This is my rock. There are many like it, but this one is mine.
The iconic image of a surfcaster on an isolated rock, bent rod, battling elements and fish alike gets any angler’s adrenaline flowing. More predominant in New England, and Montauk, a rocky shoreline is majestic to some, a haven to trophy stripers, and inviting to an exceptional few.
Listening to an old time Montauk surfcaster set the stage for a story, it’s the intro that seems to be the story itself.
“So it was the July moon, and I wanted to fish the flood from my rock on the south side. I swam out and…”
Over and over the rock hoppers that share their stories answer the “why” with similar responses. The fish are there, and the other fishermen aren’t. There are probably some initials carved in a few rocks, but given protocol is first to the rock keeps the rock. Keeping a rock through full tide cycles is one small attribute that defines the dedication, skill, and guts of that different type of surfcaster.
Chris Buchta is one of those surfcasters. A member of the Stormr saltwater team, Chris is no stranger to the rocks up and down the east coast. His first rock was on the north side of Montauk, about ten feet from shore in the whitewater and not too distant birds sharing the bait feast with stripers.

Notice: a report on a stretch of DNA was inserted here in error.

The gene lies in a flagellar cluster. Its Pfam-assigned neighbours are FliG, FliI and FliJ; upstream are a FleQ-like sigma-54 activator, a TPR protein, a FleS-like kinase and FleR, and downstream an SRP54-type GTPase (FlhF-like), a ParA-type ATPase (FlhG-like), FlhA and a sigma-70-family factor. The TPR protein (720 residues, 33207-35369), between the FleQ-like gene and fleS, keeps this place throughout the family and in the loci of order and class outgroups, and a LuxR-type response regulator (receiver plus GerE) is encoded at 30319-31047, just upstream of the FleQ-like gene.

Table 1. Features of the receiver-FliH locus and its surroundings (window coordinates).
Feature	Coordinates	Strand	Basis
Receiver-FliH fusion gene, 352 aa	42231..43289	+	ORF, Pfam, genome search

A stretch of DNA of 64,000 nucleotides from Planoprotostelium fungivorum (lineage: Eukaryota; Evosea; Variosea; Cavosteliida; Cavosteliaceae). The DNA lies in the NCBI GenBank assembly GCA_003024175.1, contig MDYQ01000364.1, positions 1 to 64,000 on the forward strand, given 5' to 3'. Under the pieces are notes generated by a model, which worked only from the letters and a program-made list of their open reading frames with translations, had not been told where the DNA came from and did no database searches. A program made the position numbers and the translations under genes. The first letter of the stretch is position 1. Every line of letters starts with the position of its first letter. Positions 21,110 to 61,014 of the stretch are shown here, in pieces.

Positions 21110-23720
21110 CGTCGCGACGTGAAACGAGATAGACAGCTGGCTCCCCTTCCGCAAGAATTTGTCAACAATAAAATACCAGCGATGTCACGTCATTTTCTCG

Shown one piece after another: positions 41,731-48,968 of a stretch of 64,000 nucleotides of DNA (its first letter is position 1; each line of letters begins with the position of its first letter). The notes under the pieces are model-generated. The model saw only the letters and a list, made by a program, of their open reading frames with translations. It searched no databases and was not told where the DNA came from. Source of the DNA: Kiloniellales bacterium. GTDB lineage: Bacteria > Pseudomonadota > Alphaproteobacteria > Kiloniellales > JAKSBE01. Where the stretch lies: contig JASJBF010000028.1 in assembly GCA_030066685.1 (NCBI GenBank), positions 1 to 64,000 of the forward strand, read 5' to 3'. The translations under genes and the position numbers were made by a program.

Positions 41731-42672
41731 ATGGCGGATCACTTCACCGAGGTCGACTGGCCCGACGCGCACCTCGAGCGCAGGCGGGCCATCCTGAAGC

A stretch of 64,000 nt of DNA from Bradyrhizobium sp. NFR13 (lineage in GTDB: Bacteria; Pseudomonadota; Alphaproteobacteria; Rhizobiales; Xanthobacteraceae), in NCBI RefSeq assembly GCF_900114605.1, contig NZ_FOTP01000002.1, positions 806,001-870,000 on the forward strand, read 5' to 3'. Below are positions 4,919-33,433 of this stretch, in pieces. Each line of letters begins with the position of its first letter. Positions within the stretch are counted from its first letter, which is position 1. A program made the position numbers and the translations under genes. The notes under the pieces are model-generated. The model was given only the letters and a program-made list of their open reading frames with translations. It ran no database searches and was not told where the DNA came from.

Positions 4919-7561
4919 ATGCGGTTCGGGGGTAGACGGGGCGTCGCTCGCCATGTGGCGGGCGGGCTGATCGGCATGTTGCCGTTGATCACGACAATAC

“I laid in the truck thinking of bass and listening to the trees blow with the wind and the waves crashing in the rocks as they tumbled into round balls.”
Chris was almost pulled off that first rock the next morning by a teen sized bass. As you can see by the picture, the rocks that fit Chris are a little further out now.
The more you learn about these guys the more you know there’s no glory in the eyes of others they seek out. They want the fish, and just out of casting distance isn’t a measurement they can calculate. Chris chases trophy sized bass up and down the coast, Rhode Island one day, could be Jersey the next. His choice of spots may be haphazard, but his gear never is. Van Staal or ZeebaaS reels, top of the line braid and fluorocarbon leader, and a pelican light are his top three mandatory pieces. To put in the work Chris and guys of his breed do, losing a fish because of cutting corners is unacceptable.
Another thing I notice I hear over and over from the top guys, a log is a must. That’s what separates the guys that consistently catch and those that get lucky with a right place at the right time scenario. If you have it in you to strap your belt around your wetsuit, put on your studded fins, and swim to a rock right where the waves are breaking, you certainly aren’t going to swim to a rock on the flood when your log told you it’s an ebb rock.
Where’s your rock?